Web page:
by Julia Woodruff Parks
from Carter, ed., Our Pioneer Heritage, Vol. 10, pp. 236-38
Sarah Delight Stocking Woodruff was born July 26, 1838 in Canton, Hartford County, Conn., the daughter of John J. Stocking and Catherine Emeline Ensign, converts to The Church of Jesus Christ of Latter-day Saints in 1843. The family moved to Nauvoo in September 1844 where Sarah's father followed his trade as tailor for a short time, but was compelled to take any work available to obtain supplies for their intended journey with the Saints. They left Nauvoo and traveled to Des Moines, Iowa, where Mr. Stocking harvested twenty acres of wheat. This wheat was used for food on their journey to the Salt Lake Valley.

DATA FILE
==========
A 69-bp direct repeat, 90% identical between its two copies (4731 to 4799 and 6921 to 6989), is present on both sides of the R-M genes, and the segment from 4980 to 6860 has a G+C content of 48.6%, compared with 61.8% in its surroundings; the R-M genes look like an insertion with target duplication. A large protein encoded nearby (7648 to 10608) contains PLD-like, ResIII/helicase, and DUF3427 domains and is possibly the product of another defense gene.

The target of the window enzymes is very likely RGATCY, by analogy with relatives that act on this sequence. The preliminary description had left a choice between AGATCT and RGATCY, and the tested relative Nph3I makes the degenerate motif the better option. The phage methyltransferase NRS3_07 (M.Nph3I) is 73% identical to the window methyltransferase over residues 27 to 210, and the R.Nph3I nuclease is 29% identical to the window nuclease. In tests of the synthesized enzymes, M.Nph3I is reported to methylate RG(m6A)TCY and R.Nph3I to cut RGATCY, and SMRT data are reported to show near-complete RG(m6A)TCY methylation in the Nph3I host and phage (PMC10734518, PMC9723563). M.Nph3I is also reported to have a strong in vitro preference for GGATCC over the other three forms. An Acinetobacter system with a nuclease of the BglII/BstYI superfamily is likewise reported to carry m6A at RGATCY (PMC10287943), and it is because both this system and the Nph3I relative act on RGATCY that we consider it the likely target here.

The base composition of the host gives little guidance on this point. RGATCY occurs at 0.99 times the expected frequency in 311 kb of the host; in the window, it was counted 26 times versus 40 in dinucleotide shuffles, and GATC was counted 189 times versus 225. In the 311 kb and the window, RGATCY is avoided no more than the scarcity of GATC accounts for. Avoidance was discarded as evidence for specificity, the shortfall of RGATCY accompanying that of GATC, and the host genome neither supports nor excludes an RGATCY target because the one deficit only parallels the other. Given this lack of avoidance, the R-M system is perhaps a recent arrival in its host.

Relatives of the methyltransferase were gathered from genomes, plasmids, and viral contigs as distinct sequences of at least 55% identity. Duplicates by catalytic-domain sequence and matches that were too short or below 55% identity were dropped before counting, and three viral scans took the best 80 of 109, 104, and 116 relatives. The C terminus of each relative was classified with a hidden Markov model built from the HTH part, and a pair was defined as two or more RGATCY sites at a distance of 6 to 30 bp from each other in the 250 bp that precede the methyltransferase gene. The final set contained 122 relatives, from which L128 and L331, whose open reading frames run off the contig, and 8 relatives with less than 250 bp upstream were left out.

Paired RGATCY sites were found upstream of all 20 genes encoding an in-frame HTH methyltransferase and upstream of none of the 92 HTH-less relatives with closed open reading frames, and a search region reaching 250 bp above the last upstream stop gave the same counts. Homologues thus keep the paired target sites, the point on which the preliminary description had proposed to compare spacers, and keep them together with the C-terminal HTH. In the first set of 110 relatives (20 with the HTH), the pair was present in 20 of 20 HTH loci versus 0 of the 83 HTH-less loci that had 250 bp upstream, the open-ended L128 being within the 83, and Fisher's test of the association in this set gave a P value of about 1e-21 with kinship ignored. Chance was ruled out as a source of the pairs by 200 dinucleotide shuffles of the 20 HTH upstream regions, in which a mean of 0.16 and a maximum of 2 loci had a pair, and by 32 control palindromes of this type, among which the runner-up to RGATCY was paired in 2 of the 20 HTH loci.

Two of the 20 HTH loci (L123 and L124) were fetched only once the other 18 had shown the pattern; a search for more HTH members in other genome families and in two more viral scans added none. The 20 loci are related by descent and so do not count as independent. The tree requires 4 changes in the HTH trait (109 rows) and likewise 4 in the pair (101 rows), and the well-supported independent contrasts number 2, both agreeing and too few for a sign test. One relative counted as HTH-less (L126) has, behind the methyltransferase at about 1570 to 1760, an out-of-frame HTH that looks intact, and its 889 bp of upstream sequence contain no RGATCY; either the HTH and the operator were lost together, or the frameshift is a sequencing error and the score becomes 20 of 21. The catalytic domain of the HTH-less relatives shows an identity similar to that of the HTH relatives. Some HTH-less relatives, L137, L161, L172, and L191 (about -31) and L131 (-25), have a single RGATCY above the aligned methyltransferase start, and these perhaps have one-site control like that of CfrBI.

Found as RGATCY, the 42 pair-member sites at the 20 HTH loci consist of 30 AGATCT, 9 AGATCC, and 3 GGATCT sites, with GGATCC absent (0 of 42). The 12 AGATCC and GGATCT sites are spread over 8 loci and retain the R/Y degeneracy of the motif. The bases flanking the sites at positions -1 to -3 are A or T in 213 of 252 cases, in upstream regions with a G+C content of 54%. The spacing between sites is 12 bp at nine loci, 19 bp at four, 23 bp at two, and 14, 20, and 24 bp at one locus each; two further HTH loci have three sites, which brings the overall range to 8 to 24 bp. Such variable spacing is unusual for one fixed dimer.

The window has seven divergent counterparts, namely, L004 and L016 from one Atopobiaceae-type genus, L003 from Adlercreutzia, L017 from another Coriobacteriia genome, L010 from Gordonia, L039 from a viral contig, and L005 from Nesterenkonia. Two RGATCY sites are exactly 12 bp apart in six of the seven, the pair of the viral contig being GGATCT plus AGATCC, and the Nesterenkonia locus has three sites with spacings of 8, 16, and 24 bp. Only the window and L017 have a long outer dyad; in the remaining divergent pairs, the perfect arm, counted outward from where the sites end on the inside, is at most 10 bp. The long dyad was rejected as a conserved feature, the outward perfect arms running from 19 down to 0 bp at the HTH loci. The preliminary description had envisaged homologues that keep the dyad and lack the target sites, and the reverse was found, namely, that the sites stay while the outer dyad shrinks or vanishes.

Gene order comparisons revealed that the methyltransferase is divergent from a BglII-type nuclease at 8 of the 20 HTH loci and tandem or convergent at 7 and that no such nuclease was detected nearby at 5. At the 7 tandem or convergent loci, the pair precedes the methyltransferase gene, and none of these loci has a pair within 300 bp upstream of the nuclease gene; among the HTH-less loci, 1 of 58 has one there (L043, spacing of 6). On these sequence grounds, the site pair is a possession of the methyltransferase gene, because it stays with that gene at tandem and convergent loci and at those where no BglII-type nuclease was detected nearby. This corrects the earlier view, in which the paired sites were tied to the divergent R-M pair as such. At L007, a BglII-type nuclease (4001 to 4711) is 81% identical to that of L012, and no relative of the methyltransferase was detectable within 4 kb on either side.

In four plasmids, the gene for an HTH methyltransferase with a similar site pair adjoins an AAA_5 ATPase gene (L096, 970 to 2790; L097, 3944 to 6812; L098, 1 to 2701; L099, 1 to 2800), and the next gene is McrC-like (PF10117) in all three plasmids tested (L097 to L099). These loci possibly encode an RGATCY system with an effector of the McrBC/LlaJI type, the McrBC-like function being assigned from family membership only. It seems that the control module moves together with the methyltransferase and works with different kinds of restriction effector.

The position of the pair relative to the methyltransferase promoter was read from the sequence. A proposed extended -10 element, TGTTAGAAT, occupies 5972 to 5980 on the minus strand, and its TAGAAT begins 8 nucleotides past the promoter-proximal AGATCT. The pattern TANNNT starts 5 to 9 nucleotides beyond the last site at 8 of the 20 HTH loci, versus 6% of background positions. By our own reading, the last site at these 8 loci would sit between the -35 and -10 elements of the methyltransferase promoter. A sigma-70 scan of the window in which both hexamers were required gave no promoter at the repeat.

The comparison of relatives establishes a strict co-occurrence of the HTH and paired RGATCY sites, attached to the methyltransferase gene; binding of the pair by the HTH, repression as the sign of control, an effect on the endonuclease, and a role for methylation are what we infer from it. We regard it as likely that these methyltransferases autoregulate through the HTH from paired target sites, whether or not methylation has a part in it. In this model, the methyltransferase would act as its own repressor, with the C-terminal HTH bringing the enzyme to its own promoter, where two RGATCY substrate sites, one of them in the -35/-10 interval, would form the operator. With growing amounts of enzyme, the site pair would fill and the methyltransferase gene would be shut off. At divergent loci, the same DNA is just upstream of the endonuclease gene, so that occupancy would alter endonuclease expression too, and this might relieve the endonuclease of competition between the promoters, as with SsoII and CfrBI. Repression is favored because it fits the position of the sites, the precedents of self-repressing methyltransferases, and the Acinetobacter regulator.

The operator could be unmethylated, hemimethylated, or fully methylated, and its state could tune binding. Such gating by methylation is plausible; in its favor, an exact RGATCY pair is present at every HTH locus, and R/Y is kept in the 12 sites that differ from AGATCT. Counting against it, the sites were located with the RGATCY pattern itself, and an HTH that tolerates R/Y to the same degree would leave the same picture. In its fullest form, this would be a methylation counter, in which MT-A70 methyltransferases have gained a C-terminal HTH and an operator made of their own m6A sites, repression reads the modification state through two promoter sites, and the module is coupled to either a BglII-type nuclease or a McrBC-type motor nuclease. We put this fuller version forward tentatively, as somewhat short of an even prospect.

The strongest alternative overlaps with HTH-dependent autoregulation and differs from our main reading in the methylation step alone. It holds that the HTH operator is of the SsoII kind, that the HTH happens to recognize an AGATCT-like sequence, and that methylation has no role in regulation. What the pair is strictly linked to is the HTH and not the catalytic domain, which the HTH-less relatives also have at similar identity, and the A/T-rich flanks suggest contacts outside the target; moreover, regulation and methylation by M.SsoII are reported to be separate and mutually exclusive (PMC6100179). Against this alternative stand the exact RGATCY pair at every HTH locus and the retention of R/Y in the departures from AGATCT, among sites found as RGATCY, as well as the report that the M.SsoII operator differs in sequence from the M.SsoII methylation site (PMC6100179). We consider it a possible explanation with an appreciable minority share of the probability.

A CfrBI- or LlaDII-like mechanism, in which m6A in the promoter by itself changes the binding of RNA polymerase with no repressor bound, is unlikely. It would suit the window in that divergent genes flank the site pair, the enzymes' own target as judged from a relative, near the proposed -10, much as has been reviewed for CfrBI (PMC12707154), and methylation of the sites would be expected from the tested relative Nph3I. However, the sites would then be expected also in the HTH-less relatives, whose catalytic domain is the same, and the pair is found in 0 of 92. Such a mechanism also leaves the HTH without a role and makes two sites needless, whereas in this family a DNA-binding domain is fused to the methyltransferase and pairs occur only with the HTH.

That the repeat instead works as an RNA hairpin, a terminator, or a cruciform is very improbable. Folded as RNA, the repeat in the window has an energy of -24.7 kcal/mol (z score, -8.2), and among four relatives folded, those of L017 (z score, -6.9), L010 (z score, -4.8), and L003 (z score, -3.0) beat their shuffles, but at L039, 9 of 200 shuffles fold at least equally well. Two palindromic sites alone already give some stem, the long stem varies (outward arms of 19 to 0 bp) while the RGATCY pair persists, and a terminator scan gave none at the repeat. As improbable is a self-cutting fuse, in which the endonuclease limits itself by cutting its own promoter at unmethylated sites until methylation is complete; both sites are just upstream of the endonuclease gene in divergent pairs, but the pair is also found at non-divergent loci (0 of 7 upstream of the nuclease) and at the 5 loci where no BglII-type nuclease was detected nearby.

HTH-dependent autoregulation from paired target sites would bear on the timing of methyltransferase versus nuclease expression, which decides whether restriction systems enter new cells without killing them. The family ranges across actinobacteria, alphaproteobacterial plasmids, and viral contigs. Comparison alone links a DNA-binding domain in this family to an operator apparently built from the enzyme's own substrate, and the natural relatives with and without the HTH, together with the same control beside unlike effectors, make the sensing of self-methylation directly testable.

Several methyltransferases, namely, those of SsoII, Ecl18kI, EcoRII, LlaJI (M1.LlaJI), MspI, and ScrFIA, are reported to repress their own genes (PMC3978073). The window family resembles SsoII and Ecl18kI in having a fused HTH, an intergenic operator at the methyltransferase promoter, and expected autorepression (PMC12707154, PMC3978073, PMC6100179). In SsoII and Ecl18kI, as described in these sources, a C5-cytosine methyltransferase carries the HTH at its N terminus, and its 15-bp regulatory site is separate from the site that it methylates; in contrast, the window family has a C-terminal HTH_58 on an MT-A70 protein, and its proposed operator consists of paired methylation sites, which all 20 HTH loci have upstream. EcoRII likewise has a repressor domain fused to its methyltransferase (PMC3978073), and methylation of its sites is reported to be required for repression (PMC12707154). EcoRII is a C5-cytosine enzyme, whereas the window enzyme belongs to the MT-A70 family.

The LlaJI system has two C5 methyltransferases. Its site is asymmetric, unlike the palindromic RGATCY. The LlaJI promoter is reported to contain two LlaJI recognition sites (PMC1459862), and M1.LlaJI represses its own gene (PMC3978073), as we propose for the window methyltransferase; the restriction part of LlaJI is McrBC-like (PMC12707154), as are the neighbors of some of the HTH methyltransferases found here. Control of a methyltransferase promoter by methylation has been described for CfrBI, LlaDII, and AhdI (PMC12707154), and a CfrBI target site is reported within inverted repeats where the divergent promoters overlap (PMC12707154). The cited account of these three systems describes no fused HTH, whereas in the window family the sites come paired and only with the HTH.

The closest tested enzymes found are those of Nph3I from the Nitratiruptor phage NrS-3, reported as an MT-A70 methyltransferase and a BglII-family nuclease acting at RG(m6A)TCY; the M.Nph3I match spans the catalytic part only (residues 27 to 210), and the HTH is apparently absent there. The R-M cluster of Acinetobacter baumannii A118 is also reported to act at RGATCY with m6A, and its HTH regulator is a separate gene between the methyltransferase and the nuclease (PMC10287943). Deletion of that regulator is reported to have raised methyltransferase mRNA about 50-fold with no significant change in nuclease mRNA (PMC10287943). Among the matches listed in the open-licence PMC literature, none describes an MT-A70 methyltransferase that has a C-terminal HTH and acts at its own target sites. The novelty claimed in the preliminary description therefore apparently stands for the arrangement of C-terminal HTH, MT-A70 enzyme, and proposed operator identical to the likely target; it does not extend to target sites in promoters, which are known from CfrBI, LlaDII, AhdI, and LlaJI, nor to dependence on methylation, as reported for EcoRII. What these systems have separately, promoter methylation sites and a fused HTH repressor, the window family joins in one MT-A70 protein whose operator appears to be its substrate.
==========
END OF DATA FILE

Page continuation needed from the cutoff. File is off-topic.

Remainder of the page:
During the journey, Sarah's mother became ill with cholera and died. Wrapped in a sheet and covered with a thick bark from a nearby tree, her body was placed in the earth and covered with dirt and rock. The cholera epidemic was increasing and the sick were not recovering. Sarah was very ill and pleaded with her father to baptize her in the river, explaining that she knew if he would do so she would be made well, but if he did not, she would die. Her father decided to do as she asked, although he was fearful her death might be hastened as a result of the baptism. He carried the child in a chair to the river bank. News spread through the camp, and many of the company gathered to witness the ceremony. Some remonstrated with him, but he explained that Sarah's faith was strong and he must comply with her wishes. She was taken in his arms into the water where he baptized her three times. After the third immersion she was healed and walked from the water unaided.